The bishops in Australia have adopted a weak imitation of the secular authorities like Dan Andrews, the Premier of Victoria, who released a brief statement following the cardinal’s acquittal in which he said: “I have a message for every single victim and survivor of child sex abuse: I see you. I hear you. I believe you.” Bishops followed suit with platitudes of care and concern for victims and again, in the words of the Australian Catholic Bishops Conference, promises of “unwavering commitment to child safety.” Even if bishops acknowledged Cardinal Pell’s innocence in their statements following his acquittal they, like Premier Dan Andrews, have effectively declared that there is presumption of guilt in cases of child sexual abuse. In so doing, the bishops repeat and exacerbate the abuse of process that occurred in the Pell case thus rendering their care and concern for victims null and void.

They are not seeking the truth—”Then you will know the truth and the truth will set you free” (John 8:32). It would seem that when the Victoria Appeal Court justices were skipping first-year law school, Australian bishops might have also ditched a few Introductory Bible Studies lessons.

As a Catholic priest and a qualified lawyer from a legal family, I have no confidence in the abilities or the willingness of Australian Catholic bishops, generally, to do justice for “J” or any victims of clerical abuse. I know of too many cases where priests in Australia have been accused of all manner of “abuse,” from sexual to physical to emotional. In all the cases I know of, the reaction of the bishop has been to make statements of care and concern and to initiate a process of inquiry wherein natural justice is denied.

Normally, natural justice is denied, as it was in the Pell case, by denying the defendant the opportunity of meeting his accuser. In Cardinal Pell’s case, at the first trial, “J” gave evidence to the Court via video link from a remote location. In the second trial, “J’s” testimony and cross-examination were only replayed to a fresh jury.

In the internal governance of the Church, I have seen a now-familiar pattern of abuse. The bishop calls for an “independent” inquisitor—often enough one of his factotums, who is kept on the chancery pay roll for this very purpose—to make accusations against the priest on behalf of the “victim.” The priest and alleged victim do not meet. In some cases, an inquiry is conducted, and the priest is simply asked to respond to the findings thereof.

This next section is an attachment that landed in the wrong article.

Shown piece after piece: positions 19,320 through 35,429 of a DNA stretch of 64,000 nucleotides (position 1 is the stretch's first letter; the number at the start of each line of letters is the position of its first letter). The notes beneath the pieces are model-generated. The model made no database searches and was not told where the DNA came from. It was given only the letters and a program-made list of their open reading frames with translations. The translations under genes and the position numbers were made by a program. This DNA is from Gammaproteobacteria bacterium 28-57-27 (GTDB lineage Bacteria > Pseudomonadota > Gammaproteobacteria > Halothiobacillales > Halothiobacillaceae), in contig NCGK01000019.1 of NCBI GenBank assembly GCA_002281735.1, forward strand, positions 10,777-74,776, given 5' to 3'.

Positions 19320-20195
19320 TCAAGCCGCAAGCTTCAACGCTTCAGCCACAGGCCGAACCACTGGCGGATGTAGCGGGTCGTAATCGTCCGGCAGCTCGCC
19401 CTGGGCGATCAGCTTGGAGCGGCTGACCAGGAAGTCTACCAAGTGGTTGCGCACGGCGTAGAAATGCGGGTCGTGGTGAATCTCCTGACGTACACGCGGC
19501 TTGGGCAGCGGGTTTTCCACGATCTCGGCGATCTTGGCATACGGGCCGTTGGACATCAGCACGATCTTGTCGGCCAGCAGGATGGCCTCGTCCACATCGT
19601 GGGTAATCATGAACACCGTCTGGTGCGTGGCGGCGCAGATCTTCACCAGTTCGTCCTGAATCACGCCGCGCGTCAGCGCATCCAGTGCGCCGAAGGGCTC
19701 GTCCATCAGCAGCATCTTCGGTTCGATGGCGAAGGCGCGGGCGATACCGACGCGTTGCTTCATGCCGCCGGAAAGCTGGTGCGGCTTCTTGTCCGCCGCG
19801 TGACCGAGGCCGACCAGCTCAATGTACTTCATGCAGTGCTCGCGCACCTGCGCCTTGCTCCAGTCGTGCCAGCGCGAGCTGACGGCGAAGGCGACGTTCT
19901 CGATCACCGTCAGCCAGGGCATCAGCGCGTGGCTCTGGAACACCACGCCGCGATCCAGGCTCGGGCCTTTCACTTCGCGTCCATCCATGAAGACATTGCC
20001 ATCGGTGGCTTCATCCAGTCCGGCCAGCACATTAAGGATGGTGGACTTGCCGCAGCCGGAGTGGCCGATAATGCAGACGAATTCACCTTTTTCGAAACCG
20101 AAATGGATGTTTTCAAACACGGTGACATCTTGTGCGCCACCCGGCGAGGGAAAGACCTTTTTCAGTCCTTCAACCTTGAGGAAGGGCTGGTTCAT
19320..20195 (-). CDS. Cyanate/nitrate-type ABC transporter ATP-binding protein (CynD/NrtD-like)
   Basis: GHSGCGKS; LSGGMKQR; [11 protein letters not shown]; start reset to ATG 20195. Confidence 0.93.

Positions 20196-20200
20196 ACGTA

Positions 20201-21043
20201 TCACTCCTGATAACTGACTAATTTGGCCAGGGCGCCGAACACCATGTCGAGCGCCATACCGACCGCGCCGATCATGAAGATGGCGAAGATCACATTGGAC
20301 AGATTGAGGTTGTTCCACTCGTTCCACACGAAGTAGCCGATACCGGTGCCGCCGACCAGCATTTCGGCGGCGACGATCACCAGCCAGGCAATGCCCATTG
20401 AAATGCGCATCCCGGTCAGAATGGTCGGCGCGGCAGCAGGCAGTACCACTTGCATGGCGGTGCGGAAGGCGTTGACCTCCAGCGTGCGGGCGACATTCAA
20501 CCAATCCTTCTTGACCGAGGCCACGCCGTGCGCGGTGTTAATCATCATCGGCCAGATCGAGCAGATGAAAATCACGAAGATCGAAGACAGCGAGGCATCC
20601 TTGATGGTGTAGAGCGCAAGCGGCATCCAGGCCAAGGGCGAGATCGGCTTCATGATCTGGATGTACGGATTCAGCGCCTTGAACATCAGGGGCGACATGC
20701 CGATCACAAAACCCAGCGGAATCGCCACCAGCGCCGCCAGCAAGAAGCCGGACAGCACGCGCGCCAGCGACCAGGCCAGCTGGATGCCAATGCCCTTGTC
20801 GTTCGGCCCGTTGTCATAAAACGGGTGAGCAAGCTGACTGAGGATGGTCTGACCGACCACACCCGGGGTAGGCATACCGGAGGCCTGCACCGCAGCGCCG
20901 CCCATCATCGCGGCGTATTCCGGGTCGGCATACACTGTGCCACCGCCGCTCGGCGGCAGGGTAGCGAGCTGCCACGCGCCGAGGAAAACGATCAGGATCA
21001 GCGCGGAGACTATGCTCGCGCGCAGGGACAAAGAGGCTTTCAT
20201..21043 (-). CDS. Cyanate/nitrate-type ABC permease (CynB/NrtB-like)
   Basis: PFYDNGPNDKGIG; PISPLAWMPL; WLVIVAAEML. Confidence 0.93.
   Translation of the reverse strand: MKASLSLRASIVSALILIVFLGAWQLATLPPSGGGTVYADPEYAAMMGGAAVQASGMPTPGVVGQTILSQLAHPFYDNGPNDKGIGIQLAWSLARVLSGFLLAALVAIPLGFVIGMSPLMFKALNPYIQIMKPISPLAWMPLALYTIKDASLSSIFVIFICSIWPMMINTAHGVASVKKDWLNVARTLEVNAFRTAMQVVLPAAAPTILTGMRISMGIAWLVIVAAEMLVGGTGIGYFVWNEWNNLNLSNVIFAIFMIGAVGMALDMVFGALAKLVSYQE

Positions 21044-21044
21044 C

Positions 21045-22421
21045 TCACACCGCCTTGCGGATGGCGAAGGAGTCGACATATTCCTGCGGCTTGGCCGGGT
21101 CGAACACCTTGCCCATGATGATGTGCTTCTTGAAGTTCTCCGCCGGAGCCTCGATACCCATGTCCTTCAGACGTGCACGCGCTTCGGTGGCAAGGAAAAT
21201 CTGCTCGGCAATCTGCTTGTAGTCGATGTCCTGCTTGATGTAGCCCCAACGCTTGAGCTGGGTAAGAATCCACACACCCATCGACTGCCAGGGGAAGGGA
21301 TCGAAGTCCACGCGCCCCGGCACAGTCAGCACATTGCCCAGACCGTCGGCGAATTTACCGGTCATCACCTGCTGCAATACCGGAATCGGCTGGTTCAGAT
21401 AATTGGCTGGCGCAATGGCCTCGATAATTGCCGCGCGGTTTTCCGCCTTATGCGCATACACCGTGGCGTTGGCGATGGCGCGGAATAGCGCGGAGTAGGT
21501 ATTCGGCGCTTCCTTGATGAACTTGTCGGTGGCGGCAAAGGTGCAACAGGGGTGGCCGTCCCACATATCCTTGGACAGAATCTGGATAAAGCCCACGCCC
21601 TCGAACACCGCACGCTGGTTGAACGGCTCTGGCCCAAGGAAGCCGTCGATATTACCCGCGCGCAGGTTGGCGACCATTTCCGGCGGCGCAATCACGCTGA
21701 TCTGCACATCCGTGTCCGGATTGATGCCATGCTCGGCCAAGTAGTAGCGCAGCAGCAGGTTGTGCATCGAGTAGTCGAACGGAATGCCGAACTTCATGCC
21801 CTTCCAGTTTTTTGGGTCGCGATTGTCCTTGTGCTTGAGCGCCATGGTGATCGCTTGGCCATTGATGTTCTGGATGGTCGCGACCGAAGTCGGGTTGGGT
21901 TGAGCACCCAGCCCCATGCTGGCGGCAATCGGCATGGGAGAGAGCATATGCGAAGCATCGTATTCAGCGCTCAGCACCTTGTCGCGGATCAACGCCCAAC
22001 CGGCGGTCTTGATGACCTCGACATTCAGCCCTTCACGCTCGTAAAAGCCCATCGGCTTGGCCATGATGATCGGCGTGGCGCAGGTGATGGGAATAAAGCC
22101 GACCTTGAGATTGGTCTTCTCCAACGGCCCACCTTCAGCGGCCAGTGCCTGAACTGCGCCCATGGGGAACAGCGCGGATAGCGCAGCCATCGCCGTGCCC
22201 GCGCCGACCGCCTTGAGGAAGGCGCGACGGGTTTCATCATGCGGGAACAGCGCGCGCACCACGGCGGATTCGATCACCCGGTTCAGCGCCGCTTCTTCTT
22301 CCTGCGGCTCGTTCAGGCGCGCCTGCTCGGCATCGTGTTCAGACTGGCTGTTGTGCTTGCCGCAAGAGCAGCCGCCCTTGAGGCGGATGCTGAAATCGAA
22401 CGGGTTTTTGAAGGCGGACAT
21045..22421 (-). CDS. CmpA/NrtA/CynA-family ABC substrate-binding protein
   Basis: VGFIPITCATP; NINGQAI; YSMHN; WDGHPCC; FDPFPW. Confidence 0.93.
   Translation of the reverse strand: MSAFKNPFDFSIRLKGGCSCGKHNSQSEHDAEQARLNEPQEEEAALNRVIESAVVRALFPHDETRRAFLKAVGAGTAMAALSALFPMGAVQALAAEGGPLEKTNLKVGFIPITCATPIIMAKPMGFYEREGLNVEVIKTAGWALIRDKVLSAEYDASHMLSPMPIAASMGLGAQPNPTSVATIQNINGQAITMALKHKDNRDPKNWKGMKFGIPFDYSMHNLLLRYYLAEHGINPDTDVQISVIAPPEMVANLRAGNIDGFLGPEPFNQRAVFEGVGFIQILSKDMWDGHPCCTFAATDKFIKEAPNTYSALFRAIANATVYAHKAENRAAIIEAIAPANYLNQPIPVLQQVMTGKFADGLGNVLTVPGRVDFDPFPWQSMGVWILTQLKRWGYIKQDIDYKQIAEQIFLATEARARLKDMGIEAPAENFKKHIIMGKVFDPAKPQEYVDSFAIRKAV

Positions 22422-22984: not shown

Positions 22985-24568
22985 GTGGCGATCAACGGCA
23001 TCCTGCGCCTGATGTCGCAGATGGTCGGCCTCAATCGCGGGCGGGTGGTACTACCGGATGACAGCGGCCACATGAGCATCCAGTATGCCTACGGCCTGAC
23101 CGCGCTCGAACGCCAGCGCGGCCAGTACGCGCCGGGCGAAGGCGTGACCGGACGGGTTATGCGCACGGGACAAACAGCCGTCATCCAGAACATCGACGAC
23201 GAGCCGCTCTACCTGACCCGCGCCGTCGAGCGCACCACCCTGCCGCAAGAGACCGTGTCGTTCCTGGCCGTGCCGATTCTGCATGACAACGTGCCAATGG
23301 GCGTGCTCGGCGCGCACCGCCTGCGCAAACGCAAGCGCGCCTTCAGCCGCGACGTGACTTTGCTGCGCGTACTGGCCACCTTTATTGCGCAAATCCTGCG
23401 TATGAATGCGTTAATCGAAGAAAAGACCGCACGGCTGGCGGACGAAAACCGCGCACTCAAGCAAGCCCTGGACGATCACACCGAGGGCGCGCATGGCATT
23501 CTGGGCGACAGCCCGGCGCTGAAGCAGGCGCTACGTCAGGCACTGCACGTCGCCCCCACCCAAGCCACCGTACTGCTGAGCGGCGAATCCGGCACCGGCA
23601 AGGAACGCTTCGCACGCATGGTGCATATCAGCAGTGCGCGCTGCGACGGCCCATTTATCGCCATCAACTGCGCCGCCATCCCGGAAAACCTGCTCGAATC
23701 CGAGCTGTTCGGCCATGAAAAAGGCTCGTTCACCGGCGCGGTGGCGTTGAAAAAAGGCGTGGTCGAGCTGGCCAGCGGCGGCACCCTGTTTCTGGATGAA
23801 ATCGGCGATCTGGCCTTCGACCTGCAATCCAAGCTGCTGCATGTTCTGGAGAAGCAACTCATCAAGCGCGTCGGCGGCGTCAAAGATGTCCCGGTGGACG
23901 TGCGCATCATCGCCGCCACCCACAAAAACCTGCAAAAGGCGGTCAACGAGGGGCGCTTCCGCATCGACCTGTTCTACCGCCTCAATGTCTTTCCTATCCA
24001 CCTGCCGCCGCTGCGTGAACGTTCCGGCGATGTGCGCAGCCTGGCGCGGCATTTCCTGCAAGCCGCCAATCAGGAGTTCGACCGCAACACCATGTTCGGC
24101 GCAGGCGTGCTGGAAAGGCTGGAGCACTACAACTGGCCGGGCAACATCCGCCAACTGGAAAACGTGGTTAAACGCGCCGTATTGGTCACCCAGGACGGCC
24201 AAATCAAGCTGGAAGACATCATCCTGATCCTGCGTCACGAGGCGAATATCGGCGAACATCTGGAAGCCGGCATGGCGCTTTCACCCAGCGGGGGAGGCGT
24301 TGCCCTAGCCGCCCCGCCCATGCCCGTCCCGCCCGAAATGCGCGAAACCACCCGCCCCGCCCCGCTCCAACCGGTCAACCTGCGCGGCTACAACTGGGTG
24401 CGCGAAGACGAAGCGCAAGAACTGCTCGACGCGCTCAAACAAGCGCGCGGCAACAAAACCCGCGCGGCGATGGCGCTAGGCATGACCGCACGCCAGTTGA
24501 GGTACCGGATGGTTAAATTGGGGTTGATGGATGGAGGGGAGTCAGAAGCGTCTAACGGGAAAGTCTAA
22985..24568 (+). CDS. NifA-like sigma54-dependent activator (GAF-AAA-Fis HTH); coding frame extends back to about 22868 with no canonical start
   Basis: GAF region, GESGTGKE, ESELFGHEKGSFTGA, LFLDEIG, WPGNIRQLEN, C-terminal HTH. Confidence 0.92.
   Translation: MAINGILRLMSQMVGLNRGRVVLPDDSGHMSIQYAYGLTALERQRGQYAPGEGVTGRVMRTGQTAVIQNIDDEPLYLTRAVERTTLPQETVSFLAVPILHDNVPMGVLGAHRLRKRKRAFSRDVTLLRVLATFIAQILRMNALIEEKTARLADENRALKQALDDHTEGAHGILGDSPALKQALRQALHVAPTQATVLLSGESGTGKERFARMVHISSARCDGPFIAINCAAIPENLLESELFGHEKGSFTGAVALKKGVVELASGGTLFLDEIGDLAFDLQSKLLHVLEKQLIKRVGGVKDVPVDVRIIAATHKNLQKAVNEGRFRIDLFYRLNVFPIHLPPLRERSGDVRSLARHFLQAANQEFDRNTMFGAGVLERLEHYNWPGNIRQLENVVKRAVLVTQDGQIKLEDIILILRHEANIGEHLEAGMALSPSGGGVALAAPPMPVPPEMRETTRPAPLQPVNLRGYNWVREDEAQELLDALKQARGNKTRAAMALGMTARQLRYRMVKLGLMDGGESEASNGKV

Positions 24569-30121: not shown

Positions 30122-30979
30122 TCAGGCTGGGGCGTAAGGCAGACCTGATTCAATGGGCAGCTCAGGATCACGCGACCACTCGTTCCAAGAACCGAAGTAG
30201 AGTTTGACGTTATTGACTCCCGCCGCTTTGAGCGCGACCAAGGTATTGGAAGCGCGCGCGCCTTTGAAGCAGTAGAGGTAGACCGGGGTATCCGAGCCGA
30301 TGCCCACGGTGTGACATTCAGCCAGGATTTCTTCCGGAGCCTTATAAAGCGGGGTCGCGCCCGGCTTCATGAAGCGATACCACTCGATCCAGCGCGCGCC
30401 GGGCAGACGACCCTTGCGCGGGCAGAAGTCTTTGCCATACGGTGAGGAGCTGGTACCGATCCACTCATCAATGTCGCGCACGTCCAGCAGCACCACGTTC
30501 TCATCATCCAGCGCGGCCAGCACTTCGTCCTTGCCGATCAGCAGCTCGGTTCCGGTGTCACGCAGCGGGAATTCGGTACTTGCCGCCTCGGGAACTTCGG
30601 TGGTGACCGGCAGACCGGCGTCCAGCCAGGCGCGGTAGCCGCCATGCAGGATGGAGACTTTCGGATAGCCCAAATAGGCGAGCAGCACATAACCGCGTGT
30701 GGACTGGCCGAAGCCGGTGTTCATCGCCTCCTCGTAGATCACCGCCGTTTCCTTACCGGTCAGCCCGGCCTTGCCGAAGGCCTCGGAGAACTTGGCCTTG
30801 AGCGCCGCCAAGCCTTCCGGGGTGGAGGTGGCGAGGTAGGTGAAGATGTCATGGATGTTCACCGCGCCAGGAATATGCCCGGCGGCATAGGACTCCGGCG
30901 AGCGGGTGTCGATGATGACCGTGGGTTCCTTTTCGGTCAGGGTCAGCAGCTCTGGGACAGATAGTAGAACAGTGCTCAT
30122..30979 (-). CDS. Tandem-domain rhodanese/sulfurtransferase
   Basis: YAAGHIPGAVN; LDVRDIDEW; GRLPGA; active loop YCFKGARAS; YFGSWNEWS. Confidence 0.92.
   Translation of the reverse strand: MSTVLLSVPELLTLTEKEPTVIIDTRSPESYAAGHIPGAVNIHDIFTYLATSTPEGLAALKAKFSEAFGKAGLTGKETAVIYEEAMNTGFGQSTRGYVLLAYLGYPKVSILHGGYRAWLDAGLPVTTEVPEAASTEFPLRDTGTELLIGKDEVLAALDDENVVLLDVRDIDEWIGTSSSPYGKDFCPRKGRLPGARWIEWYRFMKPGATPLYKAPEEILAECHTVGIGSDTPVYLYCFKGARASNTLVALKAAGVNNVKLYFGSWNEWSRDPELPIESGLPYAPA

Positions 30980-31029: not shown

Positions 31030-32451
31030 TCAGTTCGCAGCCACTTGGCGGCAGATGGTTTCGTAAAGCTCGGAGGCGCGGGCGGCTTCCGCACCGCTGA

The Code of Canon Law is rarely if ever invoked in these matters. If it’s deployed at all, it is to tell the priest that, under obedience, he is not to discuss the matter with anyone. Priests have been placed under what is effectively house arrest, stripped of their license to preach or to offer Mass publicly, while others have been spat upon and run out of their parishes. One I know of committed suicide; still others have been denied incardination into the diocese or excardination from a diocese.

The long and the short of this experience is that bishops of Australia have simply found another victim: the priest. They have not or will not do justice for anyone, including victims of clerical sexual abuse. As the cardinal rightly said: “the only basis for justice is truth because justice means truth for all.” This means truth for victims and truth for alleged abusers, no matter what the nature of the alleged abuse is. This means truth at all times, in all places and in all situations. When a priest is accused of almost any abuse, child-sexual abuse or otherwise, what remains at issue to this day is the reputation (or the perceived reputation) of men who would sooner close a Catholic church than close a Catholic school in the middle of a pandemic—another example of institutionalized child abuse.

I pray for “J” and other abuse victims. I have a statue of the Sacred Heart of the Child Jesus, and it reminds me of “J” and priest friends and my lay friends who have been victims of clerical sexual abuse and of Cardinal Pell. The child Jesus grew up to be denied justice and die on a cross—a wrongly convicted man destroyed by a conspiracy of secular and religious authorities to deny the truth while appearing to be in control, pious, and concerned for the practice of right religion and the preservation of public order and discipline. They figured they’d done their work before the pubs had closed on a Friday afternoon. Before the weekend was over, however, the Truth was out, and their conspiracy undone.

Photo credit: AFP/Getty Images


  • Fr. Nicholas Rynne

    Fr. Nicholas Rynne is a priest of the Archdiocese of Sydney, Australia. Before entering seminary, he worked as a solicitor. He now serves in All Hallows’ Parish, Five Dock, in Sydney.